Making sauerkraut is a spiritual matter for the ‘fermentation fetishist’ Sandor Katz

The US writer and activist Sandor Katz is one of the world’s leading experts on fermentation – a process born of the collaboration between people, time and microbes that makes possible such beloved culinary staples as bread, beer, wine, kimchi and miso. A self-described ‘fermentation fetishist’, Katz views this process as a humbling means of reconnecting with nature and its foodways, and has written several books on the subject and leads fermentation workshops in the US and abroad. In Sandorkraut, the US filmmakers Emily Lobsenz and Ann Husaini explore how an HIV diagnosis in 1991 led Katz on an unexpected path from New York City to a queer community in Tennessee, where he developed a spiritual connection with all things fermented.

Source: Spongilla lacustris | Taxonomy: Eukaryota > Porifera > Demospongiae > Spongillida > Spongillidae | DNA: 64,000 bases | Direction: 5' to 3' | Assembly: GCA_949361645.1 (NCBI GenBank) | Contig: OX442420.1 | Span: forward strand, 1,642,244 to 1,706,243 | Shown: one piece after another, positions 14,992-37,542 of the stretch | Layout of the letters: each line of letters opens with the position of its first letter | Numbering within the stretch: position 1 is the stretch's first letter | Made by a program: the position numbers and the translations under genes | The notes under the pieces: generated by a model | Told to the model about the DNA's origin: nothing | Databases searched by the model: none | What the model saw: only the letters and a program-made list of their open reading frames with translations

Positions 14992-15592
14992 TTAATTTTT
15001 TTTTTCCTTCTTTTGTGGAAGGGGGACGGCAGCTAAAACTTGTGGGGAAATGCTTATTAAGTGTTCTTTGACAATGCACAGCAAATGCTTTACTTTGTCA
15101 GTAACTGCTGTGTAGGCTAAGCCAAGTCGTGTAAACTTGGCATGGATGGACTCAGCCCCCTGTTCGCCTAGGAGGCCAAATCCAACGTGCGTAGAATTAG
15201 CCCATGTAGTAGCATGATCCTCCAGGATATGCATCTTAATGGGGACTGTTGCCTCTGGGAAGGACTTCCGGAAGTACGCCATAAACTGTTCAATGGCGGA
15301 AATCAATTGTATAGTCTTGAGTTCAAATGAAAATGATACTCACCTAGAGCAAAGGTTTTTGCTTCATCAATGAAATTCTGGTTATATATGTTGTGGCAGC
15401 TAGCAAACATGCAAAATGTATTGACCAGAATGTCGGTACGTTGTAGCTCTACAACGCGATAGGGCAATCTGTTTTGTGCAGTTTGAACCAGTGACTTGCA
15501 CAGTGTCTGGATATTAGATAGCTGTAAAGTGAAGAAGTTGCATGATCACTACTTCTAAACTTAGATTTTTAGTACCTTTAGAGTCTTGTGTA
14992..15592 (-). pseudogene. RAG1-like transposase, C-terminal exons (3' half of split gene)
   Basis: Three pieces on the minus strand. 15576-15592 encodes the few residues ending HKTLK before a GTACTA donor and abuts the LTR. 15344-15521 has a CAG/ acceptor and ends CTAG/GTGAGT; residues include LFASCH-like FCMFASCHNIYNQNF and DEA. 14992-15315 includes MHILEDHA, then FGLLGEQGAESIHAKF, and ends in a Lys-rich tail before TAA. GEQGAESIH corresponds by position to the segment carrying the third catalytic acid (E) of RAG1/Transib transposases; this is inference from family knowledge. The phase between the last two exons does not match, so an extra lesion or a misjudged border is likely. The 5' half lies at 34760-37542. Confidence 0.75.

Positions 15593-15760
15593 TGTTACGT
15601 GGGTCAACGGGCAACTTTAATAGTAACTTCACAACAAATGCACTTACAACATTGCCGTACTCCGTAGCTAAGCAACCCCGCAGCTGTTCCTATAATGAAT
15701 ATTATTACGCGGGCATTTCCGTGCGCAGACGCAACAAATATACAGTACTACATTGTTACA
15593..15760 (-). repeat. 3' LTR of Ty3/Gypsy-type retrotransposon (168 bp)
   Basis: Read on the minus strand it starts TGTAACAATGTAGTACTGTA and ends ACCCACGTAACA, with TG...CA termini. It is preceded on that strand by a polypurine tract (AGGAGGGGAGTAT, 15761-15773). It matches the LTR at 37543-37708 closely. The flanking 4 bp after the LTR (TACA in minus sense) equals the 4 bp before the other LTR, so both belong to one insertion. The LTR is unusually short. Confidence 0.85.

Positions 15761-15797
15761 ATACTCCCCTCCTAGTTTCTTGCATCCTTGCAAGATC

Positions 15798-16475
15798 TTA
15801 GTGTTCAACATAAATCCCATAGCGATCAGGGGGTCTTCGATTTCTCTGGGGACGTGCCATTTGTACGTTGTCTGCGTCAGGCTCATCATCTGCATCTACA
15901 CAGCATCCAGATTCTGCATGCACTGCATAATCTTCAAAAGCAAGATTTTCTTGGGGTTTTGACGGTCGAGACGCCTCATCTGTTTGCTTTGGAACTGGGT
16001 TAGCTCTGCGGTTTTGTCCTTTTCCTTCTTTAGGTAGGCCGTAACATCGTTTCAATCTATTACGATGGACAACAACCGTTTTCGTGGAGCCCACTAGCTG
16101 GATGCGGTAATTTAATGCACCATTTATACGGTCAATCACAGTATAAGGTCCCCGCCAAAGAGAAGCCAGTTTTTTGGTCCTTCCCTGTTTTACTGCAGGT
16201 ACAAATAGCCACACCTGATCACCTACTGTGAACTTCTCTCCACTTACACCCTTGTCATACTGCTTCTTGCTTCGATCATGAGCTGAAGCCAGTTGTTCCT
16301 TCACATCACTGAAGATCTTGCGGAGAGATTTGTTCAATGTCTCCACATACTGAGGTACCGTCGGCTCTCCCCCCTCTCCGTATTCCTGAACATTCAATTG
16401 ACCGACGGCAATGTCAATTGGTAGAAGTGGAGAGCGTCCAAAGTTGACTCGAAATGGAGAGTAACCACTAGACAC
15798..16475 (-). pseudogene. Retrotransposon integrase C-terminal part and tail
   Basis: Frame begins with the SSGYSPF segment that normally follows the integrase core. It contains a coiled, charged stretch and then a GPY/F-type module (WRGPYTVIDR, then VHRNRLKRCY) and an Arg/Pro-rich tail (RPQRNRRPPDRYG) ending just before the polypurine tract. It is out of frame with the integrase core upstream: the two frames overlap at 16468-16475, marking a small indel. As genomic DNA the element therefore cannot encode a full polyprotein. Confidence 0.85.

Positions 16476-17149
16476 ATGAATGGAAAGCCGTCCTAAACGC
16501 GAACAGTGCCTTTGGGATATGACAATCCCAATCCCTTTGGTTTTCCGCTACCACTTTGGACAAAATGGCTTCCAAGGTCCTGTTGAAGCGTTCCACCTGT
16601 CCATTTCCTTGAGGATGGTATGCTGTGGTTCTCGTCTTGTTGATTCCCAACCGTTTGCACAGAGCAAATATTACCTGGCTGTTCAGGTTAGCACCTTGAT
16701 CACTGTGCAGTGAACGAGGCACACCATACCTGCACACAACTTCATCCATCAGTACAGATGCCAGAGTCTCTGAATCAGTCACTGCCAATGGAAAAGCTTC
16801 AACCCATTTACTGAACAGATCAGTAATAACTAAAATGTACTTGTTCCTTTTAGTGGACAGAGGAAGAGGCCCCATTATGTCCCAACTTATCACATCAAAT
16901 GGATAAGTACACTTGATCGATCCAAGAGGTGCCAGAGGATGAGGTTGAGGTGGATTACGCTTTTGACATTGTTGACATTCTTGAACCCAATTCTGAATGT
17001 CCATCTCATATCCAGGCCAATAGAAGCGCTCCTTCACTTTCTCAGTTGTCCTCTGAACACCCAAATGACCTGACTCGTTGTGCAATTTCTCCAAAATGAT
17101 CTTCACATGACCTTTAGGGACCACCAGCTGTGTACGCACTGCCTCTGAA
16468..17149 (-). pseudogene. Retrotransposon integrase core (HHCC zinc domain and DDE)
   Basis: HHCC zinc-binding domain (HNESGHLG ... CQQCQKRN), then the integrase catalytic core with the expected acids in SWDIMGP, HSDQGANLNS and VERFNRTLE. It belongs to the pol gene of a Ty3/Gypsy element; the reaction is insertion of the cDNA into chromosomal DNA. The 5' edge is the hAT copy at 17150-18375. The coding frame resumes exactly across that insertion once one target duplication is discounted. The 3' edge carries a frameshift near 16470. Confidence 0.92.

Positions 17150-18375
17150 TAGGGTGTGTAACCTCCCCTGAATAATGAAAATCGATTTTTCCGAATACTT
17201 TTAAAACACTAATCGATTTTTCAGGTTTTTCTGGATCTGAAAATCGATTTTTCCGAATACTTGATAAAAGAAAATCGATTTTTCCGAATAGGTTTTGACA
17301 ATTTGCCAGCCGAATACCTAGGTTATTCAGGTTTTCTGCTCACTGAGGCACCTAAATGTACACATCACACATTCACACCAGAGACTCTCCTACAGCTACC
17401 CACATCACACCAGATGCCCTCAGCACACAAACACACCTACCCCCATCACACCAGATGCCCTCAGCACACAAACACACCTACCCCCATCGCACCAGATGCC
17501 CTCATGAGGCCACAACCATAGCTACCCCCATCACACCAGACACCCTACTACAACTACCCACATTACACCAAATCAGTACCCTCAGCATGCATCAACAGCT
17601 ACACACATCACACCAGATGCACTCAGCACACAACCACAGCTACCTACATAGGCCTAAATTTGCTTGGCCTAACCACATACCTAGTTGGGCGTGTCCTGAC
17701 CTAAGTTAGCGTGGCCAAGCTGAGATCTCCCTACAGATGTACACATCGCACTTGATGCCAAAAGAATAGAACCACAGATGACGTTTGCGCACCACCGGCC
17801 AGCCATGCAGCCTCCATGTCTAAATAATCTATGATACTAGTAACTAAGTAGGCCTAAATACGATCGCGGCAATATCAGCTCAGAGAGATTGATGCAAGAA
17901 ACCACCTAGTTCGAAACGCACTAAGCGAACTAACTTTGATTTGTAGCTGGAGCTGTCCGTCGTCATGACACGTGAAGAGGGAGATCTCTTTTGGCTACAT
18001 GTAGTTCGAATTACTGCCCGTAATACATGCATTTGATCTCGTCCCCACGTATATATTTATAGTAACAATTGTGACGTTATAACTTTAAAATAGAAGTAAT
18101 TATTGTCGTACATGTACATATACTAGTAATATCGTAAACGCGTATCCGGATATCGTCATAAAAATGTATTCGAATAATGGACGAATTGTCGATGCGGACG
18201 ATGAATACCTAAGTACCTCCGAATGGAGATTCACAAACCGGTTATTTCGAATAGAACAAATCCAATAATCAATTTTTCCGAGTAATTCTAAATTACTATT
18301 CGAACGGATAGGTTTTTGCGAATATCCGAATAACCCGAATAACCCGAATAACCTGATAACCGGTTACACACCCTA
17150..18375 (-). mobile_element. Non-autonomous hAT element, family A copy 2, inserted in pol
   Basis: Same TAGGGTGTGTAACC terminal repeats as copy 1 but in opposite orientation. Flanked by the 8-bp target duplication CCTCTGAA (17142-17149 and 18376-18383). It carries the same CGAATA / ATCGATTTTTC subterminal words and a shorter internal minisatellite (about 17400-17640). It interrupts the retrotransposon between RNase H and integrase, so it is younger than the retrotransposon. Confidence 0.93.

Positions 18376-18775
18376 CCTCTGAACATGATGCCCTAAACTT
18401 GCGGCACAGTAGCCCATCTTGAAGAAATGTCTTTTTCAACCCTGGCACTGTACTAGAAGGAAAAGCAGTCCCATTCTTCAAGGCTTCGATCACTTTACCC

Playing peekaboo with Wittgenstein: what do objects do when we’re not looking?

Warning: this film features rapidly flashing images that can be distressing to photosensitive viewers.

‘What prevents me from supposing that this table either vanishes or alters its shape when no one is observing it, and then when someone looks at it again, changes back? But one feels like saying – who is going to suppose such a thing?’ – Ludwig Wittgenstein in On Certainty (1969)

Inspired by the Austrian philosopher’s posthumously published words above on the limits of human perception to account for the outside world, the UK filmmaker Paul Bush constructed the experimental short Furniture Poetry (1999). The stop-motion animation brings to life a universe where fruits, furniture and tableware shift colour and shape when we’re not looking. The result is a simultaneously jarring and amusing visual poem – a dizzying, madcap meditation on our uncertain reality and the limits of knowledge.

Director: Paul Bush

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The Stephen sisters playing cricket in St Ives, Cornwall, England, c1893-94. Photo courtesy the Houghton Library, Harvard University